Category: C.R. Bard
Executives at C.R. Bard say the company is on track for an early 2015 approval for its Lutonix drug-eluting balloon for treating peripheral artery disease.
C.R. Bard (NYSE:BCR) is on track for an early 2015 U.S. approval of its Lutonix drug-eluting balloon, company executives said yesterday after reporting earnings growth that topped expectations.
Covidien says its exposure to a raft of product liability lawsuits filed over pelvic mesh products increased by some $131 million during its fiscal 3rd quarter.
Here's a look at some of the top regulatory stories for medical device companies this week: FDA wants another panel hearing on Boston Scientific's Watchman anti-stroke device; FDA talks Twitter and other online etiquette for medtech makers; Malaysian medical device market regulators clarify, expand policies; FDA issues draft guidances for industry on social media and internet communications about medical products: Designed with patients in mind; Scotland curbs use of transvaginal mesh amid global outcry.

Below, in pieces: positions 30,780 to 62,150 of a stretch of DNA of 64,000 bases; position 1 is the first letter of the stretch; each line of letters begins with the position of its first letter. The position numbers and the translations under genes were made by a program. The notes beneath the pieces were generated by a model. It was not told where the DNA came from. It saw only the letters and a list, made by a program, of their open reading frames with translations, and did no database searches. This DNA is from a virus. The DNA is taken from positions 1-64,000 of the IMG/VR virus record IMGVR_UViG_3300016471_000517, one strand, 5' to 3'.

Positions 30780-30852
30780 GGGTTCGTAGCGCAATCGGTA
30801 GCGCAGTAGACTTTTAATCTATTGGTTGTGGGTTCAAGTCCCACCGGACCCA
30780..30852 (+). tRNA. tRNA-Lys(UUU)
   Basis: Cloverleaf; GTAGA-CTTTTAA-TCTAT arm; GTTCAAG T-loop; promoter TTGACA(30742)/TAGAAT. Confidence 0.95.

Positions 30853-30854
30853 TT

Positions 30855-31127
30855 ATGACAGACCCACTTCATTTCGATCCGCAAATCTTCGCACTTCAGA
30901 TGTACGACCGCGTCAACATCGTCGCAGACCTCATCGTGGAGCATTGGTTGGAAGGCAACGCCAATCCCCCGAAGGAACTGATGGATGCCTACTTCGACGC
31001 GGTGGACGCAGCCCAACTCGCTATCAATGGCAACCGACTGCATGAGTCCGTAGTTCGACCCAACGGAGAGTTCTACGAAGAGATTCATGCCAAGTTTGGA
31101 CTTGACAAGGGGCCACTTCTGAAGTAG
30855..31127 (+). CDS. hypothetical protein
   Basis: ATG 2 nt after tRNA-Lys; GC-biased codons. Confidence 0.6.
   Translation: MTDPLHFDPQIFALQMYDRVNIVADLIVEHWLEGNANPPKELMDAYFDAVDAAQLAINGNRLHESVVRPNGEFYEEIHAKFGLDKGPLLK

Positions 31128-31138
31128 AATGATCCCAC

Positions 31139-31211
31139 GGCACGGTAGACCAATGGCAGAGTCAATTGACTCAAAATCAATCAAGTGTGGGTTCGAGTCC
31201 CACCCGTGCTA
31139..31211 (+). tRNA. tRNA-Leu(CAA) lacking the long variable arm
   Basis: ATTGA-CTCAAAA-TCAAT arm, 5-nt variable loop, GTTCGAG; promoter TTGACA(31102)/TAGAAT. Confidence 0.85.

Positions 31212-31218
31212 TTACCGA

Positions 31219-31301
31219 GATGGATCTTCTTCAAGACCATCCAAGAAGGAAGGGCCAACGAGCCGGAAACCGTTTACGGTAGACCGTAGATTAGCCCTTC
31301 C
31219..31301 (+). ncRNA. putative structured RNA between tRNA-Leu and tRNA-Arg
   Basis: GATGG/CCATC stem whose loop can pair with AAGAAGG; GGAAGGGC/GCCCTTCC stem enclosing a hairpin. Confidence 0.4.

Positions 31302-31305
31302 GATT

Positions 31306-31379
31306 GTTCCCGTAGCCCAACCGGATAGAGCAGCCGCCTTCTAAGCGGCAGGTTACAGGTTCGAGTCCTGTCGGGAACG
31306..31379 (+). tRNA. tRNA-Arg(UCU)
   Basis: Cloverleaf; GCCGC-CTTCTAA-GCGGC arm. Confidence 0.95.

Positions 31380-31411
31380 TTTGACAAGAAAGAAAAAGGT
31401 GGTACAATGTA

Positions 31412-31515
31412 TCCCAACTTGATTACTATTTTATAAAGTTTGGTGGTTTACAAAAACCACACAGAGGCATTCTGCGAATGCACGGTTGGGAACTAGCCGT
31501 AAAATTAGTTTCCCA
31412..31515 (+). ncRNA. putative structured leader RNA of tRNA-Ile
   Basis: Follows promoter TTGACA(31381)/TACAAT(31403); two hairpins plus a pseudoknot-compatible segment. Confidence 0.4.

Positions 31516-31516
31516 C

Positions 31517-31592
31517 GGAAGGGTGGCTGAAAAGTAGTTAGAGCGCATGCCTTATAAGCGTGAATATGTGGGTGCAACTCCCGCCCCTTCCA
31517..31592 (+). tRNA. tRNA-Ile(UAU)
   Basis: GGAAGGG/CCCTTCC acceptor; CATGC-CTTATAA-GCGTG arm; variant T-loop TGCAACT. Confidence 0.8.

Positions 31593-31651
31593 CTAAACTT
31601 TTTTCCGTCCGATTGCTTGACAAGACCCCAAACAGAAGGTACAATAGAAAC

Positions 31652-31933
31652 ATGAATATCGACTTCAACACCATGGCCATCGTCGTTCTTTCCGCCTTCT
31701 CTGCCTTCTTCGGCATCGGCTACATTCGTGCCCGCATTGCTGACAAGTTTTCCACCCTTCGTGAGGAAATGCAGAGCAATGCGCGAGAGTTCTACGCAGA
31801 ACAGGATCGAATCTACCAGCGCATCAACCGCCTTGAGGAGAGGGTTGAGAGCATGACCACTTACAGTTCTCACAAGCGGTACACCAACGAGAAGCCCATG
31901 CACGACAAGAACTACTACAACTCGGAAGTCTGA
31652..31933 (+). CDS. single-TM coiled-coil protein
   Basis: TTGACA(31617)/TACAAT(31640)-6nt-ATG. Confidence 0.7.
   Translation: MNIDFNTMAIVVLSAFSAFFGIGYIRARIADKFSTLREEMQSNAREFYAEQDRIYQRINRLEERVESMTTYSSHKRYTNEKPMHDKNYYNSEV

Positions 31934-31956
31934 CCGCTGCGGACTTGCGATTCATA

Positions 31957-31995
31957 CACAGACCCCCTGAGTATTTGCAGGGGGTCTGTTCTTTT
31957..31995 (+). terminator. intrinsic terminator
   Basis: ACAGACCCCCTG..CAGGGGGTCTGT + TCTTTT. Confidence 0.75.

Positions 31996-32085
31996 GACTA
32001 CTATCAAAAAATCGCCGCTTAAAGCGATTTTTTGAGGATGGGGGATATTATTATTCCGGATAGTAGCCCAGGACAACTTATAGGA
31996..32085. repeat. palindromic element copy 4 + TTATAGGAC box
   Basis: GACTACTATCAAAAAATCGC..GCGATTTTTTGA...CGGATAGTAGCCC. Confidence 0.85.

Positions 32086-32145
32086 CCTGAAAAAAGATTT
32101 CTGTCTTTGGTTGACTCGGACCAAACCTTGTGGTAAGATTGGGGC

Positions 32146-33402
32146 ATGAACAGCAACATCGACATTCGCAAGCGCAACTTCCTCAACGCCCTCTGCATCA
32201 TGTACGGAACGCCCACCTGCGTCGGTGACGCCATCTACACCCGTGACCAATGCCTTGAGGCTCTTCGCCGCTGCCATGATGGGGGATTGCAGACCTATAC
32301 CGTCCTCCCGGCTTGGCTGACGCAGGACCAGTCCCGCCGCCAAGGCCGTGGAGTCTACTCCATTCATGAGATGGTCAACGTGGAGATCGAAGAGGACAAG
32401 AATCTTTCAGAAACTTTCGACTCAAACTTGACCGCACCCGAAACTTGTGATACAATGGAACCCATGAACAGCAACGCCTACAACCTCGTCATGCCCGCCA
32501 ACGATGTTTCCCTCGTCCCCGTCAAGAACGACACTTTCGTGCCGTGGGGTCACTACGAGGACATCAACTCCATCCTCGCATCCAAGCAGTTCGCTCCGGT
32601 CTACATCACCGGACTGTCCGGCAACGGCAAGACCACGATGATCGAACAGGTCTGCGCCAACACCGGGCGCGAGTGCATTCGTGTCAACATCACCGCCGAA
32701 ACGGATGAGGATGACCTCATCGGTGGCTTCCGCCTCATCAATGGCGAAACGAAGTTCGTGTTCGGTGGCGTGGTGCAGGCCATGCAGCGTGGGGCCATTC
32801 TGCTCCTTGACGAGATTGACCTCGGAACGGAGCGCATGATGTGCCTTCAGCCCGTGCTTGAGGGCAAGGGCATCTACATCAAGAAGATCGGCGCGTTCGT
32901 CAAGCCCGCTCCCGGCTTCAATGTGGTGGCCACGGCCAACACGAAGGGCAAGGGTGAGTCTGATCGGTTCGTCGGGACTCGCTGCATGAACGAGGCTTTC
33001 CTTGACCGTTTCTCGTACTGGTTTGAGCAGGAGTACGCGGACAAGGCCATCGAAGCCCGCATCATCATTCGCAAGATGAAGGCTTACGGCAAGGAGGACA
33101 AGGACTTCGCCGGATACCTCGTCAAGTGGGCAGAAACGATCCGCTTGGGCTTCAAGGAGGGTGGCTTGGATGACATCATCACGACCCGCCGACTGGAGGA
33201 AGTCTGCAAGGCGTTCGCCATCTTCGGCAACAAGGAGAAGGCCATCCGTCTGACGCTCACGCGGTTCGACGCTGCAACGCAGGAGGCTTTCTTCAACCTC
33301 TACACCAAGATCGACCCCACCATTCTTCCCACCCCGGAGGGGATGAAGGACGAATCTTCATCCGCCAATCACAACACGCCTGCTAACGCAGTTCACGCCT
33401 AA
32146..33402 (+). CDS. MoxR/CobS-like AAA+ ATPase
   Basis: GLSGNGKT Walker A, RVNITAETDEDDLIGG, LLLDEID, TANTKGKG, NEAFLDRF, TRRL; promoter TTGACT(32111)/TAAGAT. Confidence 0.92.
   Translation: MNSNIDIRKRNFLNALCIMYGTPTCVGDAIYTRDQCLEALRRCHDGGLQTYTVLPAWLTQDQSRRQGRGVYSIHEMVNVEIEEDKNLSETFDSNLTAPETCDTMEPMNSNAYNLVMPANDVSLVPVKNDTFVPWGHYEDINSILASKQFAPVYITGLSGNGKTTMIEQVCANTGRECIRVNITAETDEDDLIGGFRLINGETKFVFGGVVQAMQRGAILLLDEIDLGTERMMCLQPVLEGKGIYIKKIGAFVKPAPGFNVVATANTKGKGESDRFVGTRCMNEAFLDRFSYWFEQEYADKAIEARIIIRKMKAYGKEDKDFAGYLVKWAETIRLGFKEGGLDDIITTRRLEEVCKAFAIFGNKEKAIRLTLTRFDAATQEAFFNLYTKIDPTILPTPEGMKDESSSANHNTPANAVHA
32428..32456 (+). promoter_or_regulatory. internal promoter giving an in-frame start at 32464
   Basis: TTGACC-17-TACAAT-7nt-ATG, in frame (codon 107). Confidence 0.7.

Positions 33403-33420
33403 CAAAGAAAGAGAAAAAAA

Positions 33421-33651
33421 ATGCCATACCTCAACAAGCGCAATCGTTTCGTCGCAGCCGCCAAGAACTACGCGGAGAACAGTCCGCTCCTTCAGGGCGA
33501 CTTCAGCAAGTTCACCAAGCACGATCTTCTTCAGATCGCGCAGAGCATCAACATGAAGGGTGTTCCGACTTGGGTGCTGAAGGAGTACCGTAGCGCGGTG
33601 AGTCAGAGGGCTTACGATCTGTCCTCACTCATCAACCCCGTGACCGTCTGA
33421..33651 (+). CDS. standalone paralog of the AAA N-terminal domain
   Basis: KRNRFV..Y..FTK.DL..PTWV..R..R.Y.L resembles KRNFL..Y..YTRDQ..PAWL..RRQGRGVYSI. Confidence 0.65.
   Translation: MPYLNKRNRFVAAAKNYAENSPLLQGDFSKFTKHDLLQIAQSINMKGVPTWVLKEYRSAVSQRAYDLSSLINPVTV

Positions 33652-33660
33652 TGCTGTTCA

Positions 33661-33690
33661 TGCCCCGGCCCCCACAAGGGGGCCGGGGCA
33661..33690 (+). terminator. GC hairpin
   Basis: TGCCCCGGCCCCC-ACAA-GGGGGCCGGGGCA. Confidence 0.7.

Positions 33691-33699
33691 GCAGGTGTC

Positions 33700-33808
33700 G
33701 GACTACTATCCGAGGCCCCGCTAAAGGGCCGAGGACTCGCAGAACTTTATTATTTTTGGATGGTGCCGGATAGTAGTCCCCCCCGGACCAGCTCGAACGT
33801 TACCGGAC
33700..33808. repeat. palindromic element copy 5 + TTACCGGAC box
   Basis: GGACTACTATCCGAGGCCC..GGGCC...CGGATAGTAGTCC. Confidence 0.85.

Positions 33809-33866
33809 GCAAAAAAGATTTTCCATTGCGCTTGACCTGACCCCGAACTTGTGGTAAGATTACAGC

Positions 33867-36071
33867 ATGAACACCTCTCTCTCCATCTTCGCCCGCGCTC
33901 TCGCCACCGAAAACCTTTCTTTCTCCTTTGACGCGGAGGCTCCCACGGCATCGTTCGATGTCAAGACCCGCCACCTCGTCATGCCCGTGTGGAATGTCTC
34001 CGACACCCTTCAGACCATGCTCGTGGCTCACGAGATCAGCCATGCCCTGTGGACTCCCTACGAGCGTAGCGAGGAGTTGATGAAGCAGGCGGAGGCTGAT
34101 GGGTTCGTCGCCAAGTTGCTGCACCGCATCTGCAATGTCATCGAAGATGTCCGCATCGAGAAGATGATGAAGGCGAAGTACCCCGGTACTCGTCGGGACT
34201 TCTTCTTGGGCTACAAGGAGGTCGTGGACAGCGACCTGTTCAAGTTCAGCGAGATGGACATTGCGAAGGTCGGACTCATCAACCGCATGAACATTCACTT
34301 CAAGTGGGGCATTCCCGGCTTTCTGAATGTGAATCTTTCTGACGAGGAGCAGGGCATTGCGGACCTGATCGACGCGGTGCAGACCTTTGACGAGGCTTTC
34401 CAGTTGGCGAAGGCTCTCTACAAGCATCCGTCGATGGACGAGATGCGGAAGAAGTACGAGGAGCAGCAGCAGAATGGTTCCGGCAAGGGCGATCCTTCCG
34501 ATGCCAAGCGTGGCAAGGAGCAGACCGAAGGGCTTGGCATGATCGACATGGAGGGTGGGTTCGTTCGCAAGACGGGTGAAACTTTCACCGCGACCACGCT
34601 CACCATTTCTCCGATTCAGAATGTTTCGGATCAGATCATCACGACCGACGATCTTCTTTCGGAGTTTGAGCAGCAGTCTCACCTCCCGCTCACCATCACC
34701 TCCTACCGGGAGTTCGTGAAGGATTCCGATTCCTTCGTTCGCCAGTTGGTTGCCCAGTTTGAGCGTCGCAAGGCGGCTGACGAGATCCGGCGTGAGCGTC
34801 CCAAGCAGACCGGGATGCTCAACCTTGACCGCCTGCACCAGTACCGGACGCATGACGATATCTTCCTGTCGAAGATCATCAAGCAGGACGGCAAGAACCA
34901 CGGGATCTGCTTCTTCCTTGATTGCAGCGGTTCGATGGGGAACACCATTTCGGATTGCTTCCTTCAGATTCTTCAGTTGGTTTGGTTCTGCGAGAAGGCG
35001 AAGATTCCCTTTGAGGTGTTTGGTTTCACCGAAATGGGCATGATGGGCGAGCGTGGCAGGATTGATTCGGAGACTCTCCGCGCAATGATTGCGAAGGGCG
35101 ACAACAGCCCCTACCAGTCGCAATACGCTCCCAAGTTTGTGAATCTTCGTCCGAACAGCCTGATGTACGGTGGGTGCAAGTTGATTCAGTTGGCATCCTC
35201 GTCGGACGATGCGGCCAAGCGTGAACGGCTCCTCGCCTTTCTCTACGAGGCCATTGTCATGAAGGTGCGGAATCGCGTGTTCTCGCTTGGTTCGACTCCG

Scotland's regional health boards agree to suspend use of transvaginal mesh implants pending an investigation into complaints that the devices scar women for life.
Scottish health regulators are looking to curb use of transvaginal mesh products while independent investigators look into claims that the medical implants hurt women.
Here's a look at some of the top regulatory stories for medical device companies this week: Digital health: Inside Apple's meeting with the FDA; FDA details plan to improve medical device arm; FDA panel OKs Bard's Lutonix balloon; Cohera Medical wins FDA panel date for TissuGlu surgical adhesive; FDA approves Medtronic's CoreValve for high-risk patients.
An FDA advisory panel recommends approval for C.R. Bard's Lutonix drug-eluting balloon for treating peripheral artery disease.
UPDATED June 13, 2014, with comments from panel members.
An FDA advisory panel yesterday recommended approval for the Lutonix drug-eluting balloon made by C.R. Bard (NYSE:BCR).
C.R. Bard authorizes another share repurchasing program worth $500 million.
C.R. Bard (NYSE:BCR) said it plans to buy back as much as $500 million worth of its own stock, having spent all but $30 million of a prior share repurchasing plan also worth half a billion.
Companies often buy back their stock when they believe the market is undervaluing share prices, in an effort to raise the price.